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At the Sprouts community café in Stockton in the northeast of England, voters have one pressing issue on their minds: The cost of living.

Everyone I talk to over a chicken stew and dumplings lunch has a story to tell about struggling to make ends meet.

Janine, who has a young daughter, says she can only afford to pay her gas and electric bills while the rest – TV licence, council tax – are having to wait.

"I’m getting letters through the doors, we’re in arrears and obviously the anxiety goes high and then I think, no they’ll have to wait, I need to keep my daughter warm," she says.

Michelle tells me that she surfs supermarkets trying to find the cheapest price for foodstuffs, while Callum, who’s in his 20s and lives with his mum, says he and his friends can’t afford to socialise anymore: "With all the bills, I think we’ve only got about £60 left over for food and drink in the house."

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It is the backdrop of soaring bills and voters’ struggles, rather than the political noise around recent Conservative chaos, that Labour believes will hurt the Tories when millions of voters across England go to the polls in this week’s local elections.

"This Sunak is competent narrative is overdone," is how one senior Labour figure puts it.

"We’re going to the polls and food price inflation is 19.1%, wider inflation at 12%. Voters want the government to deliver on this but Sunak’s not addressing those problems, and that’s why I think they’ll do badly."

And Sir Keir Starmer will need the Conservatives to do badly in places like Stockton-on-Tees to prove he’s on track for a victory in next year’s general election.

Labour lost control of this council in the local elections of 2019 when the red wall began crumbling ahead of the Boris Johnson bulldozing of Labour lands in the general election late that year. If he’s to have any hope of winning an outright majority, Sir Keir has to win places like Stockton back.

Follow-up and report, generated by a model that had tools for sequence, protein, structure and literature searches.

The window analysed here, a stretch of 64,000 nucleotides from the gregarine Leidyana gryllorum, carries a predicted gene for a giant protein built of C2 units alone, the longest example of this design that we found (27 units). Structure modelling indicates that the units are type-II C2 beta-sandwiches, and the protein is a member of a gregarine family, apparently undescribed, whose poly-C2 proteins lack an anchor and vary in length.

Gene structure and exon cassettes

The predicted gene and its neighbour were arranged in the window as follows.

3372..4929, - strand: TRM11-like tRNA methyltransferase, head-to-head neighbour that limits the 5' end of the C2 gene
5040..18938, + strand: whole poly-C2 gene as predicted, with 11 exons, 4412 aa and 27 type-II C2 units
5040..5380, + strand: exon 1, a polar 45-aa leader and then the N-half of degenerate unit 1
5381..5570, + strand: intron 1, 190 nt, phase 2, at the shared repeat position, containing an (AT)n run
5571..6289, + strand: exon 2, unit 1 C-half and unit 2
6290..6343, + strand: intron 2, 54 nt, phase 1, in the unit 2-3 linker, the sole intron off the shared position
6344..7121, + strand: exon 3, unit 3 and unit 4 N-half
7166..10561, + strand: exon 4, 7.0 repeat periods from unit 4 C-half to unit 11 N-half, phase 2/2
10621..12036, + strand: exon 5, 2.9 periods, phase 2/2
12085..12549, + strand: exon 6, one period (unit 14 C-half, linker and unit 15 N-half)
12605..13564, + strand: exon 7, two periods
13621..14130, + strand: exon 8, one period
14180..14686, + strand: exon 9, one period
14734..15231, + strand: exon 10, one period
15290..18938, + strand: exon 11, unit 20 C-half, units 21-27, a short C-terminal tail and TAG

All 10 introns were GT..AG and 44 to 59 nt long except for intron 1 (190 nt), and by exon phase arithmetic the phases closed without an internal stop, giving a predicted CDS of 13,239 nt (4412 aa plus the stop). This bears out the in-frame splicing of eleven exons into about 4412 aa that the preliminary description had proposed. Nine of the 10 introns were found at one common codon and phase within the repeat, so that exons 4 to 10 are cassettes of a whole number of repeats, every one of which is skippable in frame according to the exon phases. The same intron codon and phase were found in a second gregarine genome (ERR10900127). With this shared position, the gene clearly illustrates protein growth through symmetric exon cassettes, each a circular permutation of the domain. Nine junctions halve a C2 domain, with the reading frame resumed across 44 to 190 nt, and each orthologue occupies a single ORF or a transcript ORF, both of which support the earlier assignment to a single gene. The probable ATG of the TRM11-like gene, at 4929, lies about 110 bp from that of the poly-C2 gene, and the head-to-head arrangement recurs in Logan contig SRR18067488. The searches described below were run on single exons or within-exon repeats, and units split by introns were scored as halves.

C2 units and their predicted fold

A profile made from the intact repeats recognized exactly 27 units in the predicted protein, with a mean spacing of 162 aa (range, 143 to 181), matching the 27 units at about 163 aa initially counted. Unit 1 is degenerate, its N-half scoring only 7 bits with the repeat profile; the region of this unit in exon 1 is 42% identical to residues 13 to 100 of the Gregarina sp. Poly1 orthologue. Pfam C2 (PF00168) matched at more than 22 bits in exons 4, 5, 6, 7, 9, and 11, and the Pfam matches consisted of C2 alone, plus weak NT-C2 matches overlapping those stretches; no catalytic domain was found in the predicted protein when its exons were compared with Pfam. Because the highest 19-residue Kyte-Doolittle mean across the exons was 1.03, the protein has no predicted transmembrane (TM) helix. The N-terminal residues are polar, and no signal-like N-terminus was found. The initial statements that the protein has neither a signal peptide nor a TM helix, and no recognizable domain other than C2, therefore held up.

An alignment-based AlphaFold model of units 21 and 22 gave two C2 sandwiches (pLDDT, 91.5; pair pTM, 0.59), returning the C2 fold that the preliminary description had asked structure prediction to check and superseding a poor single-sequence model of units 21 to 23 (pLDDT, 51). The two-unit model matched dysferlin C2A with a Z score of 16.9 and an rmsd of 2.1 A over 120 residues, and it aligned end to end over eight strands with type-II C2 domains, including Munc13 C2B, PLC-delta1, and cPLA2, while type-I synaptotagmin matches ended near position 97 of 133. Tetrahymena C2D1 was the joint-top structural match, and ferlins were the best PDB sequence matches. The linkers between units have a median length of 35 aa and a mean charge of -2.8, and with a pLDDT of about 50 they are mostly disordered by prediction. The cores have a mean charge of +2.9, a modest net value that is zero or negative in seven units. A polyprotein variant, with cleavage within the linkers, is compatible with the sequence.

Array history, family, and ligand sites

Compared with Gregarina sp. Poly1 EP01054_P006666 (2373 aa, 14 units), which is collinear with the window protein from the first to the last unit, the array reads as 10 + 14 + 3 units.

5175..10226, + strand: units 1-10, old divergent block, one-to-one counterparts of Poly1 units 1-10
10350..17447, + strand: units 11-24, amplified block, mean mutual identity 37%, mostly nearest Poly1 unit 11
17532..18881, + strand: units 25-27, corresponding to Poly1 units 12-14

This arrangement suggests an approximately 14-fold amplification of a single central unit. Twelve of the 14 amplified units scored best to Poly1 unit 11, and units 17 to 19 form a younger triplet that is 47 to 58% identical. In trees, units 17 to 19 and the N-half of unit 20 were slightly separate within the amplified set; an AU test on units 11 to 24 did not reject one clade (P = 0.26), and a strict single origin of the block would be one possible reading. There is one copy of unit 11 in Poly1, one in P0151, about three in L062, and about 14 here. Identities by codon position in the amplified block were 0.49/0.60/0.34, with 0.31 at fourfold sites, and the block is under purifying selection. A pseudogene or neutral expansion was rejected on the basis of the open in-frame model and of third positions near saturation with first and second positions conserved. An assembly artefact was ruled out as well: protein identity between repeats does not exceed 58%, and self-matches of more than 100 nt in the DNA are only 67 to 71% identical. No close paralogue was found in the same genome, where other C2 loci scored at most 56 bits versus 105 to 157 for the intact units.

On Thursday, there will be 230 councils in play, and 8,000 seats up for grabs across almost 5,000 wards.

We’ll be looking at how many seats Labour win and the Tories lose; what percentage of the vote the main parties win and how that reads across to a general election; and who has momentum in the swing seats that will decide the next election – be that places like Stockton and Darlington in the North, Walsall or Dudley in the West Midlands or Swindon, Plymouth and Medway in the South.

This then a box office set of local elections that will provide us with the largest test of public opinion before the next general election and as such holds huge significance.

Can Sir Keir Starmer show he remains on course to beat the Conservatives next year?

For a Labour majority he needs to do better than Tony Blair in 1997: so is he looking as strong as the former Labour prime minister in the locals before that landslide win? Or can Rishi Sunak minimise Conservative losses and offer his ailing party a slither of hope?